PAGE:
Big Fish


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What’s the big deal about Big Fish?

This fall, Sturgis Theatre Arts Guild of Entertainers (also known as STAGE) produced its third musical, Big Fish.  The musical, written by John August and Andrew Lippa, is based on the novel by Daniel Wallace and the well-known Tim Burton film released in 2003.  It follows the story of a father and son’s tumultuous relationship and the fantastical stories of the father, Edward Bloom’s, life.

What’s the big deal about the musical?

Sturgis East & West (Center STAGE) Cast of Big Fish with Pit Orchestra in front

A musical involves many people!  First, the fall STAGE show combines students from both campuses, STAGE Left (Sturgis West), and STAGE Right (Sturgis East).   The usual directors, Anna Botsford and Diana Young, are joined by music teachers at both campuses as well as the dance teacher.  For this production, Rosemarie Gentille (West) directed the vocal and choral singing and Natalie Sheeler (East) directed some solo singers as well as the pit orchestra.  All of the choreography came from Michele Colley (East & West).  They even recruited Jo Mary Pontes for the pit orchestra and West parent Jay Stewart for his clowning and circus experience!  Aside from the adults in charge, Big Fish was assistant directed by Tori Mondello (West ‘18) and was comprised of 38 student performers, 25 students on the tech crew and 17 student musicians!  

The musical is a really wonderful event for STAGE, because it brings together so many people and unites both campuses in a collective endeavor.  Many of these students have never been in a musical before, and there is a challenge for each individual member.  Some STAGE participants have acted a lot, but don’t have a lot of singing experience.  Some have never danced before, some are taking on a role that really challenges their skills.  

From left to right: David Girardin as Edward, Nikki Gardner as Sandra, and Caleb Petty as Will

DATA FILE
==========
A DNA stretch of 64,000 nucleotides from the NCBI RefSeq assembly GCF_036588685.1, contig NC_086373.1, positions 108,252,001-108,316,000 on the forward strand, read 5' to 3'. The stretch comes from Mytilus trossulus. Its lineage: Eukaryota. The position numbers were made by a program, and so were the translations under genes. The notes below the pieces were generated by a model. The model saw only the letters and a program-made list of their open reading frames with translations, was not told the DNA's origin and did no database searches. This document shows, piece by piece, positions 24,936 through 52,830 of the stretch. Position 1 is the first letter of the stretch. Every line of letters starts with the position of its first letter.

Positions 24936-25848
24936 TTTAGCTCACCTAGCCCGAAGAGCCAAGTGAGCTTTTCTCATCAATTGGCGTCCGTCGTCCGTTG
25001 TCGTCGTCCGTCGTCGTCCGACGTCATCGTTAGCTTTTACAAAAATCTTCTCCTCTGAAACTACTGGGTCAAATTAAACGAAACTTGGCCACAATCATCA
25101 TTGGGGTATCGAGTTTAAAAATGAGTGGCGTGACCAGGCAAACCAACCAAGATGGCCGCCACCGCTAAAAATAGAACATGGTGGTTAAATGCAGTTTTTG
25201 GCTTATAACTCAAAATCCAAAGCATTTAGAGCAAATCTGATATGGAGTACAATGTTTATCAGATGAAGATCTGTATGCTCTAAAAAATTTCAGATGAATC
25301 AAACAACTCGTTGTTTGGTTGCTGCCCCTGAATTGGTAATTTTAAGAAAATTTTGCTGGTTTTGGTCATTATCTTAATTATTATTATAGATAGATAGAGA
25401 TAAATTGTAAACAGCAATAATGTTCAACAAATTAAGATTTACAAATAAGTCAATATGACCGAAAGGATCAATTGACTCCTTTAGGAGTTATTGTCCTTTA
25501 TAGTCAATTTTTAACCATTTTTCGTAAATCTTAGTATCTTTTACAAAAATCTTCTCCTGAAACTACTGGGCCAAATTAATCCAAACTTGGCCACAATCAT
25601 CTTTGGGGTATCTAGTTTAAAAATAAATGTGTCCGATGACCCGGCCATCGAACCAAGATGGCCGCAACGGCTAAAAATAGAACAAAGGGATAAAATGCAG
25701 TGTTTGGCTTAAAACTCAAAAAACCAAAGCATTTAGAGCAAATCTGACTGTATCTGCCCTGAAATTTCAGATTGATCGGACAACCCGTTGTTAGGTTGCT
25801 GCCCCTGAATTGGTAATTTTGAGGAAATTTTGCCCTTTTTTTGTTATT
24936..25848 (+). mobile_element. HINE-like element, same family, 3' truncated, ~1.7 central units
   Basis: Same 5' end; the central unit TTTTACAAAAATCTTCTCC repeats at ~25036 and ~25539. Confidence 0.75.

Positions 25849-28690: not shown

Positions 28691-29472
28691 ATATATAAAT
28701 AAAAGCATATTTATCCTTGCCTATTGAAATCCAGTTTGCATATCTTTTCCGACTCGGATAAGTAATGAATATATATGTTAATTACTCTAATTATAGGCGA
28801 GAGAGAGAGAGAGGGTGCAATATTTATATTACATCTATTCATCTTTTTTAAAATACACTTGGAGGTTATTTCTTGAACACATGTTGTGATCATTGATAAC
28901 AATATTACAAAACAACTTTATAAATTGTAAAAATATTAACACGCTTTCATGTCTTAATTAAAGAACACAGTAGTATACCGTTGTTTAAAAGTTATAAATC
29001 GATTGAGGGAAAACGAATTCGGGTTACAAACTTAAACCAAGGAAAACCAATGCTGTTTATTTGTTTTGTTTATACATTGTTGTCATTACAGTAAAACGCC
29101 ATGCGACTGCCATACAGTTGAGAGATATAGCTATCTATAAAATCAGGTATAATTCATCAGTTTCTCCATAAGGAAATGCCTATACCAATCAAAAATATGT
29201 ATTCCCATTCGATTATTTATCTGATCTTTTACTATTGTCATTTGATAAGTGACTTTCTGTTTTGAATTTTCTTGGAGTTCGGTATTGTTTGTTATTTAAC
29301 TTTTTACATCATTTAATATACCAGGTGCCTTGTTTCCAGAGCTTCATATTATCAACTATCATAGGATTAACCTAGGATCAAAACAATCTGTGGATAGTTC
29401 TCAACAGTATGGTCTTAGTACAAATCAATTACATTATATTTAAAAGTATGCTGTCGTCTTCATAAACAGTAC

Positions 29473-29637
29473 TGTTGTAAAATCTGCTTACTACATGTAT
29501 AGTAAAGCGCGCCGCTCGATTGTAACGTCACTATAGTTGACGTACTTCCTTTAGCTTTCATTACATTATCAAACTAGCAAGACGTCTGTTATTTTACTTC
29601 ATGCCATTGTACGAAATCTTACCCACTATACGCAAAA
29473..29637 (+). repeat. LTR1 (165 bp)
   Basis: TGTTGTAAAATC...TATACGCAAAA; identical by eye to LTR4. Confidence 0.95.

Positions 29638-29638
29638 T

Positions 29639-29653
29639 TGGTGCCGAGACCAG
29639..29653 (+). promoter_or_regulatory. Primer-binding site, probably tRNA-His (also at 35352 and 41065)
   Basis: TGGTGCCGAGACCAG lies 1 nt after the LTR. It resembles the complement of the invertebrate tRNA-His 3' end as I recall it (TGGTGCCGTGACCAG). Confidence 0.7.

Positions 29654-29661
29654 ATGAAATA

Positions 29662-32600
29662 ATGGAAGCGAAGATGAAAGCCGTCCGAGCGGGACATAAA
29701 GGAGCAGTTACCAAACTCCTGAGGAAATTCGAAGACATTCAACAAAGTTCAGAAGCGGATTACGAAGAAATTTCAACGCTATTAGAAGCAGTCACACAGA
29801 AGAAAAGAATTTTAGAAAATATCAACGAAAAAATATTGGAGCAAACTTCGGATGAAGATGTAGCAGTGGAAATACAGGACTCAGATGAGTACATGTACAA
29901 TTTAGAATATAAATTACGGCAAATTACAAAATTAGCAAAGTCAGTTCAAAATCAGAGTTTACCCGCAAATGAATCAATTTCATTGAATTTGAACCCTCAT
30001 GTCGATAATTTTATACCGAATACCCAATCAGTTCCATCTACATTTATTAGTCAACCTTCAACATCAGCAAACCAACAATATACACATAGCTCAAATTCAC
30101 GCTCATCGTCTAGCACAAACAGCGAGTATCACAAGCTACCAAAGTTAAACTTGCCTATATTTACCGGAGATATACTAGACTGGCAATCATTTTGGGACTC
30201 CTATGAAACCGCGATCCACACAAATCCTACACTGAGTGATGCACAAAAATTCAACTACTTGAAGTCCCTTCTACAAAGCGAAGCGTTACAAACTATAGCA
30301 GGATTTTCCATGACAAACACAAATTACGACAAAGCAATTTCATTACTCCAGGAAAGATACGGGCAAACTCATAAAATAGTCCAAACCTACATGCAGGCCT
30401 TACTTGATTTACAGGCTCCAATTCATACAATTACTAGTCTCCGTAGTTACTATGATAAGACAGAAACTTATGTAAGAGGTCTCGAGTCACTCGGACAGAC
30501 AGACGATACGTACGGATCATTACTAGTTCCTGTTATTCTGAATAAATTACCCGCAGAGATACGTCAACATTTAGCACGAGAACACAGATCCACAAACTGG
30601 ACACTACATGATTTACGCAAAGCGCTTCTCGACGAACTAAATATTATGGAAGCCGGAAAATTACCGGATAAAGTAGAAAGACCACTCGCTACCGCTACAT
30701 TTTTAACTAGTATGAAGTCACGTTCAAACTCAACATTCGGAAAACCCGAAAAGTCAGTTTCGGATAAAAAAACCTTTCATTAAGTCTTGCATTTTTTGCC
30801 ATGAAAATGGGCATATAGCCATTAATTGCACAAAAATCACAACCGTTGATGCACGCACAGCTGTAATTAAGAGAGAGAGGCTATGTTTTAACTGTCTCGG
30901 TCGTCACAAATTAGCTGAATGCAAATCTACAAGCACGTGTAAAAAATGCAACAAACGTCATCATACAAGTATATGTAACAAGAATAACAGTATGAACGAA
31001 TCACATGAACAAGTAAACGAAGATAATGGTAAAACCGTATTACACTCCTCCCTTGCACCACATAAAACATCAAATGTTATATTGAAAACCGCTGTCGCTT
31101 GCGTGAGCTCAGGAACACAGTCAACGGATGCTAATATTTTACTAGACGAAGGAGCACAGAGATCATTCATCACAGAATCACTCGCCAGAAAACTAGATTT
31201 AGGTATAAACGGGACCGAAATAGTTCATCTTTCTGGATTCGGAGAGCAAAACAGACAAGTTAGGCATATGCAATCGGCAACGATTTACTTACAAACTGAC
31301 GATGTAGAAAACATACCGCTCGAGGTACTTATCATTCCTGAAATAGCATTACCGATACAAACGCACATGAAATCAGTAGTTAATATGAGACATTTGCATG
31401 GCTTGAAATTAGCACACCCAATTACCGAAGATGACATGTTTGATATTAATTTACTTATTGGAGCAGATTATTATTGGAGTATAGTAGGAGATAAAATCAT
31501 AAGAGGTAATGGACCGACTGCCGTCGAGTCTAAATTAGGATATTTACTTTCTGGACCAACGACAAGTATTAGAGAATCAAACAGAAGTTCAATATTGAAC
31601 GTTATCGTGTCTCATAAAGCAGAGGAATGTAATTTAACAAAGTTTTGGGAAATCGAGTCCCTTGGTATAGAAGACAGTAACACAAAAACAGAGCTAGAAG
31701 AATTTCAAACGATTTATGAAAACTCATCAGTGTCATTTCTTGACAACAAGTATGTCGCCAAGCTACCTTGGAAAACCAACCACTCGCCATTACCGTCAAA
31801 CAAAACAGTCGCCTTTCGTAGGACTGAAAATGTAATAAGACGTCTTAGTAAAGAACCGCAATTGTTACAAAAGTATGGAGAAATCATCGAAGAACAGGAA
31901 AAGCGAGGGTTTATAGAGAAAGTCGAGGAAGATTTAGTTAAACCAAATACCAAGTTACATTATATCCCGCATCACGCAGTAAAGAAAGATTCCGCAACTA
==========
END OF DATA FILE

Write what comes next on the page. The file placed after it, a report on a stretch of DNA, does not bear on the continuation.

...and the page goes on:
Caleb Petty (West ‘19), who played the role of Will Bloom, Edward’s son, reflects, “I’ve never been in a musical, or really sang. It was such a huge challenge for me breaking out of that comfort zone, and taking on a part that I didn’t feel comfortable with going into it. I had a lot of support from all the cast and crew, as well as the directors. I don’t think I’ve ever as emotionally connected to a part as I did with Will. Even now I still feel like I’m about to take on that role again and embody Will.”

Not only was this musical a big challenge for the actors, but for the crew and the pit orchestra too!  Our last musical, Once on this Island, involved a set that was mostly stationary and abstract; painted platforms that served as pedestals, beds, walls, and other objects that remained the same throughout the 90 minute performance.  Most characters required one costume, and the makeup design for most was a “natural” look.  Big Fish involved two acts, took place in several different locations, and required 2-3 costumes for each of the 38 actors.  

Ashton Townsfolk with Karl the Giant Nick (Bucchianeri)

In addition, Nick Bucchianeri (East 18), who played Karl the Giant, wore stilts and needed to be costumed accordingly.  And Spencer Lawrence (West ‘18), as Amos, had to turn from human to werewolf onstage in a matter of seconds!  On the music side, Natalie Sheeler comments, “We were working with some people who had never sung before.  Some of the vocal parts had some really dense harmonies.  This show has a large pit, more variety of instruments, and more songs than the previous musical.”

Overall, “it was all very new for STAGE, and it really required us to step up our game to accomplish this beast of a show.  It was really a big learning experience, for the students as well as for us as directors” says Young.

But this is what STAGE is all about!  And this is why musicals are an important part of STAGE’s repertoire.  East director Diana Young says, “I don’t believe in providing a student an ‘easy’ experience, or doing work that’s so far within our students’ comfort zone that they aren’t challenged.  We are an educational theatre group!  How can our students learn or grow as performers if we are casting them in the role that’s obviously ‘perfect’ for them?” It is the directors’ jobs to support students by giving them the tools to meet these challenges, stretch their limits, and really open their eyes to a new experience.   “And the hope is, that when you’re done, you’ve gained a lot from the experience!  Whether it’s confidence, or better time management, or skills in working collaboratively with others – not to mention you’ve got about 70 new friends when it’s all over!” Young adds.